Using an LED driver to fire keys on a toy keyboard

Hey all,

So I have this awesome toy keyboard I found and I opened it up to find a fairly straight forward situation. All the keys find their way into the circuit board in an orderly fashion and I found that you simply need to supply a positive voltage of 3.3v to the key connections to make a note play. Obviously I'm thinking of making Arduino play the keyboard, which seems simple enough (analogWrite(pin, 168) ??) but since there are 24 keys I'd like to have a driver do the work seeing as how I have so many lying around. It's my understanding though that the driver ( TLC5940 ) brings each output pin to ground, rather than spitting out voltage like an Arduino pin. How might I go about making this work?

Best,
G

transistors

optoisolators aka Optocoupler would be my solution.
a whole lot of transistors would get messy.

prismspecs:
Hey all,

So I have this awesome toy keyboard I found and I opened it up to find a fairly straight forward situation. All the keys find their way into the circuit board in an orderly fashion and I found that you simply need to supply a positive voltage of 3.3v to the key connections to make a note play. Obviously I'm thinking of making Arduino play the keyboard, which seems simple enough (analogWrite(pin, 168) ??)

analogWrite() doen't produce analog voltages, it outputs 5V PWM signals.

prismspecs:
but since there are 24 keys I'd like to have a driver do the work seeing as how I have so many lying around. It's my understanding though that the driver ( TLC5940 ) brings each output pin to ground, rather than spitting out voltage like an Arduino pin. How might I go about making this work?

You need something like a 74HC595 with voltage dividers to produce 3.3V from each pin.

An 8-Bit Shift Register 74HC595 might solve the problem.

Sounds like a shift register is the way to go, no?

Shift register is a great way to expand outputs. A cmos (like 4094) part will run on and output 3.3 volts so you don't need level translation on the outputs. You may need a voltage divider on the serial input to the shift register to drop the arduino 5 volt output. And it will only cost 2 or 3 pins to get your 24 outputs.

Thanks for the help. One more thing… when I drive the key with a tap of the 3.3v output pin on the Arduino it plays the key normally, but when I write a digitalOut HIGH to the key it sort of ramps up and then plays this weird metronome sound… is that just because I’m sending too much voltage from the pin? I’ll make a divider next time ;p…

prismspecs:
is that just because I'm sending too much voltage from the pin? I'll make a divider next time ;p...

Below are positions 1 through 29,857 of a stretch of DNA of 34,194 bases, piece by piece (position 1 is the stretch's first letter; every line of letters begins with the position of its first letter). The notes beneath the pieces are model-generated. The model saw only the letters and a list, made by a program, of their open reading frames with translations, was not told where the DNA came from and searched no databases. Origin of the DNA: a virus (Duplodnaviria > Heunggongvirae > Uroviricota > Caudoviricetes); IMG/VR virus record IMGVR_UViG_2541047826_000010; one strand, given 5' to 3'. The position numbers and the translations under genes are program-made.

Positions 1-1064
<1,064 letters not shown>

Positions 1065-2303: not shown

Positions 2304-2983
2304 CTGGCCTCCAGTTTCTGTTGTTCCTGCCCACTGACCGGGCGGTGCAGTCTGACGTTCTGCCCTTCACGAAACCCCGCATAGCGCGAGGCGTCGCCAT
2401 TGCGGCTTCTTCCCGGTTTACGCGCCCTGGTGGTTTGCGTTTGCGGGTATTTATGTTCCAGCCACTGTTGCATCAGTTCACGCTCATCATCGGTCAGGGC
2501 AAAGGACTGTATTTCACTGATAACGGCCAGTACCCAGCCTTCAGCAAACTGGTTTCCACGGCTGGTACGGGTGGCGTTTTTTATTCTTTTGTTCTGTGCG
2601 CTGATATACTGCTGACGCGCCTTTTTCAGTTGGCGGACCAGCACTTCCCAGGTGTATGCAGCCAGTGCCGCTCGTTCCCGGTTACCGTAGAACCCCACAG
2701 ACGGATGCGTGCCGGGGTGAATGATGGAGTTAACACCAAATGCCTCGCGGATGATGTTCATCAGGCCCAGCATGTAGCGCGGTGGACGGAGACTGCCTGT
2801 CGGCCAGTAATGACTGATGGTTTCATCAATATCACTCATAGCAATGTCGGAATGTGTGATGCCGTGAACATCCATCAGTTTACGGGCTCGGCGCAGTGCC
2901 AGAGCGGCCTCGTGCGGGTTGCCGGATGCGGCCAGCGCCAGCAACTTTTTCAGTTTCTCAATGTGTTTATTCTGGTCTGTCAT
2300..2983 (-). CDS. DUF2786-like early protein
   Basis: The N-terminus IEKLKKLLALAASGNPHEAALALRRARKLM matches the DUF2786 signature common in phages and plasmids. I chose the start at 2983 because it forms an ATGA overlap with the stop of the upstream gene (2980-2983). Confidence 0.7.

Probably.

Be careful, you might kill it.

Thanks :open_mouth: I always kill these things........

I always kill these things........

.... and it's out of warranty 8)

As for the voltage divider between the Arduino and the shift register, are you saying that I should use the normal resistor method or use a regulator?

If I use resistors (did this maybe once about a year ago) the equation is Vout = (Z2 / Z1 + Z2) * Vin which leads me to believe that I could use a 500ohm for Z1 and a 1000ohm for Z2, how does that sound? With voltage dividers, does it matter what values you choose in the sense that, as for the equation, I could use a 2ohm for Z2 and a 1 ohm for Z1? Is it better to use higher values?

Thanks

prismspecs:
As for the voltage divider between the Arduino and the shift register, are you saying that I should use the normal resistor method or use a regulator?

Resistors should work, and they're cheap.

prismspecs:
If I use resistors (did this maybe once about a year ago) the equation is Vout = (Z2 / Z1 + Z2) * Vin which leads me to believe that I could use a 500ohm for Z1 and a 1000ohm for Z2, how does that sound?

3.33V is two thirds of 5V.

1000 Ohms is two thirds of 1500 Ohms, that fits.

prismspecs:
With voltage dividers, does it matter what values you choose in the sense that, as for the equation, I could use a 2ohm for Z2 and a 1 ohm for Z1? Is it better to use higher values?

If you only put 3 ohms on an Arduino output more than 40 mA can pass through it. Bad for the Arduino pin.

You need at least 150 Ohms for an Arduino output pin to keep the amps under 40 mA.

Man I need to learn about amps. They elude me.
Thanks!

prismspecs:
Man I need to learn about amps. They elude me.
Thanks!

This is a very useful site... in particular, you may find this to be a good page to start from.

Worked like a charm in a test. Now I have another question that I might end up answering myself but just in case...
Can I just use 3.3v for each of the three v+ pins on the shift register? I'm lookin at this:

Which boils down to... what happens when my data line is 5v and my Vcc is 3.3v?

According to the data sheet for 74HC595 Vcc can be as low as 2Vdc so should work fine at 3.3Vdc.
Make sure it is HC part not HCT cause HTC is 5V. You need to put the voltage divider on the data (serial in) line to get it near 3.3V on a high (like the suggested 1k-1.5k divider).

It turns out just making the rail 3.3v works (for now at least) and my multimeter reads 3.6v~ so shouldn't blow it... right? :slight_smile: Maybe I'll lower it a bit.
Anyway, I succeeded in creating the most annoying thing in the world. I'll refine it ;p Lovin the Arduino and these forums, though. Shift Register FTW, BTW.